He developed a thick, muscular frame, his buzz-cut dome and broad chest propped atop tree-trunk thighs. Developing a kinship with Canada that would last a lifetime, St. Wayne would live and train in Edmonton, Alberta. That included time spent with the famed Hart family, and he eventually settled into a role as a “heel” (or villain) in many of his matches, though he’d also battle other heels or provide an amusing foil in tag-team matches.
Over time, with the Canadian promotion company Stampede Wrestling, he was known as Buddy Frankenstein, Mike/Michael Hammer, Mike Blood and, later, Doctor Blood. Moving back to St. Louis with that name, he took part in a lively period in local pro wrestling lore, battling at regional civic centers, ballrooms, high school gymnasiums and, most notably, the South Broadway Athletic Club. He was a fixture in a golden moment that included Big Daddy the King of Men, Ron Powers, Gary Jackson and the Giant Assassin, with their Saturday night exploits at the club in heavy rotation on Double Helix cablecasts.
Eventually, his body wore down from the years of intense mat work and multi-hour drives. That's when his presence as an on-location painter began to really blossom. Mangia was the perfect landing spot. This was the first generation version of that Italian-pasta-shop-turned-restaurant-and-bar, under the auspices of founder-owners Doc and Micci Parmely. They created something of the spiritual kin of Gaslight Square’s culture cafes there, with open-mic poetry, Budweisers and savory pasta salads mixing sensibly. With his daily presence, St. Wayne was as much of part of that environment as anyone.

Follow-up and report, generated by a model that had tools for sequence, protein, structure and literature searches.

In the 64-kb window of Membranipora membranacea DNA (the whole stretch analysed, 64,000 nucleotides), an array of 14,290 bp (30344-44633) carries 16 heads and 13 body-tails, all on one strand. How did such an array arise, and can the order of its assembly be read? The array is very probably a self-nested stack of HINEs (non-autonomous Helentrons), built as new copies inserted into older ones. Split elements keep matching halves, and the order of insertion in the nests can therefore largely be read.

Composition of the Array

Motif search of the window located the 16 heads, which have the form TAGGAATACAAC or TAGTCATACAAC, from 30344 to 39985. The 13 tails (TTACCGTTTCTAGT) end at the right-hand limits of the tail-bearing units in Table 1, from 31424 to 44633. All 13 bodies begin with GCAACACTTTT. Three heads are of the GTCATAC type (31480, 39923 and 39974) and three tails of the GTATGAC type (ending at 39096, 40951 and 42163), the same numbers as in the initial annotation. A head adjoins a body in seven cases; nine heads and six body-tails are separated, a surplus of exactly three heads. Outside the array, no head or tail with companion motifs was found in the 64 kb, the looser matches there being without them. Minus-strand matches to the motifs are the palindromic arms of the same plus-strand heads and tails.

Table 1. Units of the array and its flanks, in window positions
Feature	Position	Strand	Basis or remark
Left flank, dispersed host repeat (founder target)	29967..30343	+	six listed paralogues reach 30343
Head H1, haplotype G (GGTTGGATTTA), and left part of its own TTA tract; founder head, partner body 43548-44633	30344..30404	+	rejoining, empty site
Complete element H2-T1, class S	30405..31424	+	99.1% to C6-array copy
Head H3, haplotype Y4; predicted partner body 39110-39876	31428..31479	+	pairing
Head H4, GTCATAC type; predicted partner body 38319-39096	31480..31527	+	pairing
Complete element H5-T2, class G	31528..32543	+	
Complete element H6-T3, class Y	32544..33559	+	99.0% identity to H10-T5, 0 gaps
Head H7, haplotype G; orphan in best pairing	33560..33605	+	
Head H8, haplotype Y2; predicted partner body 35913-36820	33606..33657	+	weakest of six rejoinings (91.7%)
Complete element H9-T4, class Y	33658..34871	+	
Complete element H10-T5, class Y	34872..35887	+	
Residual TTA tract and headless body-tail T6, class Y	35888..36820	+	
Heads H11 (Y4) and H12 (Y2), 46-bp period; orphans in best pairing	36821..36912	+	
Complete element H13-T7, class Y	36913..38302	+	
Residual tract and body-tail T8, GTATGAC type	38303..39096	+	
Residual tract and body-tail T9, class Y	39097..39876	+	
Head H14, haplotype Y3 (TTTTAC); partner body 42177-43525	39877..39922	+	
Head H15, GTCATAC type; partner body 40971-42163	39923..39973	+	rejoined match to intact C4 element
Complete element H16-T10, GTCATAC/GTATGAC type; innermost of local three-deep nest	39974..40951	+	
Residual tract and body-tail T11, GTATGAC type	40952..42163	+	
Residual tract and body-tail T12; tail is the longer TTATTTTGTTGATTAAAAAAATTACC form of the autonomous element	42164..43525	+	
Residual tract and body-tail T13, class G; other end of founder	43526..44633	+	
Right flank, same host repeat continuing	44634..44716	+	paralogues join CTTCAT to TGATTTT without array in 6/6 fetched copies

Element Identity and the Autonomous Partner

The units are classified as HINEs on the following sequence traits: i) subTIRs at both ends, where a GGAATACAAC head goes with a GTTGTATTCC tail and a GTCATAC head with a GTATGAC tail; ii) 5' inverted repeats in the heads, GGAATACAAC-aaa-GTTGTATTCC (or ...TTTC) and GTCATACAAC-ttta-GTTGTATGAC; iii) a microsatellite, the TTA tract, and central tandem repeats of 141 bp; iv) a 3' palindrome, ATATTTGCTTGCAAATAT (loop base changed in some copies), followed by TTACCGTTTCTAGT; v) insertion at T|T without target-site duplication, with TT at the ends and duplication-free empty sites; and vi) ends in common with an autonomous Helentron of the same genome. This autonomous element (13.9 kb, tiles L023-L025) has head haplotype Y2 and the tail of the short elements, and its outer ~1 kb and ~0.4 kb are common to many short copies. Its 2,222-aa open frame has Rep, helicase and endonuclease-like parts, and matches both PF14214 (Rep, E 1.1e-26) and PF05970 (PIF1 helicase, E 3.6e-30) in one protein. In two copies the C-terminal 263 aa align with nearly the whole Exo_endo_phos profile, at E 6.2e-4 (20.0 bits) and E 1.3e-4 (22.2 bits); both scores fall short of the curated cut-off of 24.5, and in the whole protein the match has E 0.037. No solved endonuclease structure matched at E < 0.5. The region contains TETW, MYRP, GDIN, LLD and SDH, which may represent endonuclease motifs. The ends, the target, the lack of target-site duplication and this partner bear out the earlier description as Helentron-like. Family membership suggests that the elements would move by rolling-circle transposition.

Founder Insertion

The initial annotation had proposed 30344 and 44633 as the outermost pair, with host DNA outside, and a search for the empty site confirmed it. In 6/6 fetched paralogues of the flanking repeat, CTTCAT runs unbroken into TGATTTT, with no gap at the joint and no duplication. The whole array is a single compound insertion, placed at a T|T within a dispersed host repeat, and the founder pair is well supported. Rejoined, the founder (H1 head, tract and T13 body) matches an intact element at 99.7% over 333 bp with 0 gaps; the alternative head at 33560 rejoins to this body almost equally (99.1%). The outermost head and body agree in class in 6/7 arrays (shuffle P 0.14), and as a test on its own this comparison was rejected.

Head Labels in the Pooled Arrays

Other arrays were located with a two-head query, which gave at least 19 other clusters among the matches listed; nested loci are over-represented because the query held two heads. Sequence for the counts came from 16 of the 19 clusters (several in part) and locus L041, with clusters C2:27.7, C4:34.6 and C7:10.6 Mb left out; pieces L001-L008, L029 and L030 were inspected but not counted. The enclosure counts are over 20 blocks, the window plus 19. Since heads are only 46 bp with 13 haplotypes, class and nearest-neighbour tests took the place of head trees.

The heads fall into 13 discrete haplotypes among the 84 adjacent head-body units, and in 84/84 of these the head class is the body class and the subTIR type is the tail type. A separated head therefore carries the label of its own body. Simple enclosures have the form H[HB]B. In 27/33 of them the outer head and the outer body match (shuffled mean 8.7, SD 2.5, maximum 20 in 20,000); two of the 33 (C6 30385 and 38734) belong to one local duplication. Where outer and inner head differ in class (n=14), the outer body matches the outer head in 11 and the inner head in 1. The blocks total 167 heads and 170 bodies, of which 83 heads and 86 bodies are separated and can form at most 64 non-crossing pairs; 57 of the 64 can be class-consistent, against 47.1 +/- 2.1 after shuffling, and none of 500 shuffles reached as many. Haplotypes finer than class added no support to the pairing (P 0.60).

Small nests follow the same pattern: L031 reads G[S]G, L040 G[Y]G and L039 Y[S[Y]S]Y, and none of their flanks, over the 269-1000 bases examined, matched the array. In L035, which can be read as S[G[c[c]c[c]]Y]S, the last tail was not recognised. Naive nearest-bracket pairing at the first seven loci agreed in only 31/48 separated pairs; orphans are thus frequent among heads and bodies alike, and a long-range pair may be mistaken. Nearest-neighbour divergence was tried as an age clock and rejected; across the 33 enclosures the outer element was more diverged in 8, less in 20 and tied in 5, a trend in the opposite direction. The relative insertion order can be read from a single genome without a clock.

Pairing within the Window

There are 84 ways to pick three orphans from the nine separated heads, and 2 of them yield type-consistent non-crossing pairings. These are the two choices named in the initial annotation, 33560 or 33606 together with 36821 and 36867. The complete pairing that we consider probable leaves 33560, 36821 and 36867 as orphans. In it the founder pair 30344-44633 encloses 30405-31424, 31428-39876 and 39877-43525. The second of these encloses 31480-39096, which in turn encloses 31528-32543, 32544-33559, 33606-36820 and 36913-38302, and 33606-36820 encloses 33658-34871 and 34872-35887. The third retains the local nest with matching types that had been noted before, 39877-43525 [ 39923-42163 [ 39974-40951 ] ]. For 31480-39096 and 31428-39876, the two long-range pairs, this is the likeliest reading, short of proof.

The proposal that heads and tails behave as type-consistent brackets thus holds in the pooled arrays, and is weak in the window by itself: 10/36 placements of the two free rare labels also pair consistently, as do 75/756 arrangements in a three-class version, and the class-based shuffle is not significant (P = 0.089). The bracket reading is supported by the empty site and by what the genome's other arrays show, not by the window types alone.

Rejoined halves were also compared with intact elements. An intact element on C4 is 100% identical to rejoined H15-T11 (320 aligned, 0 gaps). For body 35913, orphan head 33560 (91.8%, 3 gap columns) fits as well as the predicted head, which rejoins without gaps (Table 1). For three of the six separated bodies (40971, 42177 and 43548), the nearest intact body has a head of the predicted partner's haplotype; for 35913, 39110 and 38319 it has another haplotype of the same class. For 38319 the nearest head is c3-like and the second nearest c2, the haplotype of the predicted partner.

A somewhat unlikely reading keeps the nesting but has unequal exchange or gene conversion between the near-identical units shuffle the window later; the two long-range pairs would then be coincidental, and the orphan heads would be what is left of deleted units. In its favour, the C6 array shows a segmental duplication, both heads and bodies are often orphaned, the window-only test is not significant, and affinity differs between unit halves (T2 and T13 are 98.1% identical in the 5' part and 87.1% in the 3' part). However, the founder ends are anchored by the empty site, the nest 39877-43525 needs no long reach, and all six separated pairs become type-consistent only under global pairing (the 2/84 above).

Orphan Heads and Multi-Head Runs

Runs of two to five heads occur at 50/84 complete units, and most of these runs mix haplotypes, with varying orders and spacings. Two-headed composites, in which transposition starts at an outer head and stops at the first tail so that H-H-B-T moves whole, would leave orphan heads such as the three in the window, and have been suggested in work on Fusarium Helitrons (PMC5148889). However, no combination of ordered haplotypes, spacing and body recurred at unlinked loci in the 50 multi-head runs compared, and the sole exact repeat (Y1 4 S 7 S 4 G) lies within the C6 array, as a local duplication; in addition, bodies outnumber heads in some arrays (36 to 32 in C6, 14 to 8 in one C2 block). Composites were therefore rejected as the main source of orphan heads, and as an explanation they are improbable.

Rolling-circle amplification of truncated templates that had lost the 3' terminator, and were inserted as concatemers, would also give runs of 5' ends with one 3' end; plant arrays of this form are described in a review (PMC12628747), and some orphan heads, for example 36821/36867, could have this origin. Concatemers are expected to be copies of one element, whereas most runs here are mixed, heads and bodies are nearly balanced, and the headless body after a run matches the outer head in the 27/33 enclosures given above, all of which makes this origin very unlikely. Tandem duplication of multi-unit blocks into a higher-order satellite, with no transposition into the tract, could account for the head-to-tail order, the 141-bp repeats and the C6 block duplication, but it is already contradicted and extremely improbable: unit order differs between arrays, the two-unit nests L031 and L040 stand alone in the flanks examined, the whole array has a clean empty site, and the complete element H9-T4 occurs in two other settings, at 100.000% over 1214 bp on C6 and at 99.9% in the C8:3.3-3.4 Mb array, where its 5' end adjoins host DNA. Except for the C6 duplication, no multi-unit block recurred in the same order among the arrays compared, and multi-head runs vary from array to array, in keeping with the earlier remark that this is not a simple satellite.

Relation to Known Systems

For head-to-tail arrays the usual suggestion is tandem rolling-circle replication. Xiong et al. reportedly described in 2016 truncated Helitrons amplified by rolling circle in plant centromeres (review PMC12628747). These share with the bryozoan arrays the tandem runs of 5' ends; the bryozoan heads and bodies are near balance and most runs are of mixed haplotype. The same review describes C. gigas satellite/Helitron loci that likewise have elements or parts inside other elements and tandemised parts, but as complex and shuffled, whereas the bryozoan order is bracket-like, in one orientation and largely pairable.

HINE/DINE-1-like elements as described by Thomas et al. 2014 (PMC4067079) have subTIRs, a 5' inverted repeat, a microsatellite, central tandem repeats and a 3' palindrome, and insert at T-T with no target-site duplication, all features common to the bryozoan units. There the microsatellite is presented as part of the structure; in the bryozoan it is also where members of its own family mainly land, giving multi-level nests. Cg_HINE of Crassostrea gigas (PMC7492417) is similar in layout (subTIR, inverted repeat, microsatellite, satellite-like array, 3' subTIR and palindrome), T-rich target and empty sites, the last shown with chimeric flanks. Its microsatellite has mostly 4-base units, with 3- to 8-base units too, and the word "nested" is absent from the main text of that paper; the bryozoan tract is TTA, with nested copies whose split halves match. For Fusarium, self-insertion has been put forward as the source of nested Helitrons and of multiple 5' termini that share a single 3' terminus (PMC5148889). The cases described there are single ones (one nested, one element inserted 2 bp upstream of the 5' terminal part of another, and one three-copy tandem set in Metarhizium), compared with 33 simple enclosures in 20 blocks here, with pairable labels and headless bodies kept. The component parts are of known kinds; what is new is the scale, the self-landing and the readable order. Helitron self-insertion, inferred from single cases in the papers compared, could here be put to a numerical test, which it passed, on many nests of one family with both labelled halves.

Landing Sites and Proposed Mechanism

In time, St. Wayne would be employed at other freewheeling spots, including a stint in the kitchen of the boho Cummel’s Cafe, along with a tenure as the backdoor bouncer of Creepy Crawl, where he came into contact with dozens of punk, ska and metal bands, some of which would wind up commissioning him for the covers of their records. These he’d execute with only a bit more speed than his usual it’s-done-when-it’s-done approach to timely assignments.
For a good chunk of the 1990s, he became a regular presence in local papers (including the RFT), in student and indie films, and on cable access shows like World Wide Magazine, all at a time when places like Mangia, Venice Cafe, Cummel’s, the Way Out Club, the Wabash Triangle Cafe and other locales were offering young St. Louisans a chance to grow into their own, new selves. He was something of a funny uncle for those of us in that community, cracking wise and offering up catch phrases such as his standard, lilting greeting, “So what’s new and exciting?”
After he moved closer to Kingshighway and Gravois, St. Wayne’s daily walks down South Grand became less frequent, and his illness eventually paused them entirely. But in recent years, St. Wayne was still spotted at Ert Nights, an art-making experience that took place at clubs like 2720 and the Art Bar, as well as the home of curators Jamie Jessop and Lana Camp. There, St. Wayne was among kindred spirits, working in their preferred media, alongside other free-spirited souls.
Realizing that all those south side sightings are over is a bit jarring; his presence is so ingrained in the visual geography of his old neighborhoods. But the magic dust he liberally scattered on his many long walks will remain on these streets for years to come.
A celebration of life for Wayne St. Wayne will be held at Mangia on Saturday, February 23 at 3 pm. For some added personal reflections, see the author’s homepage: thomascrone.com.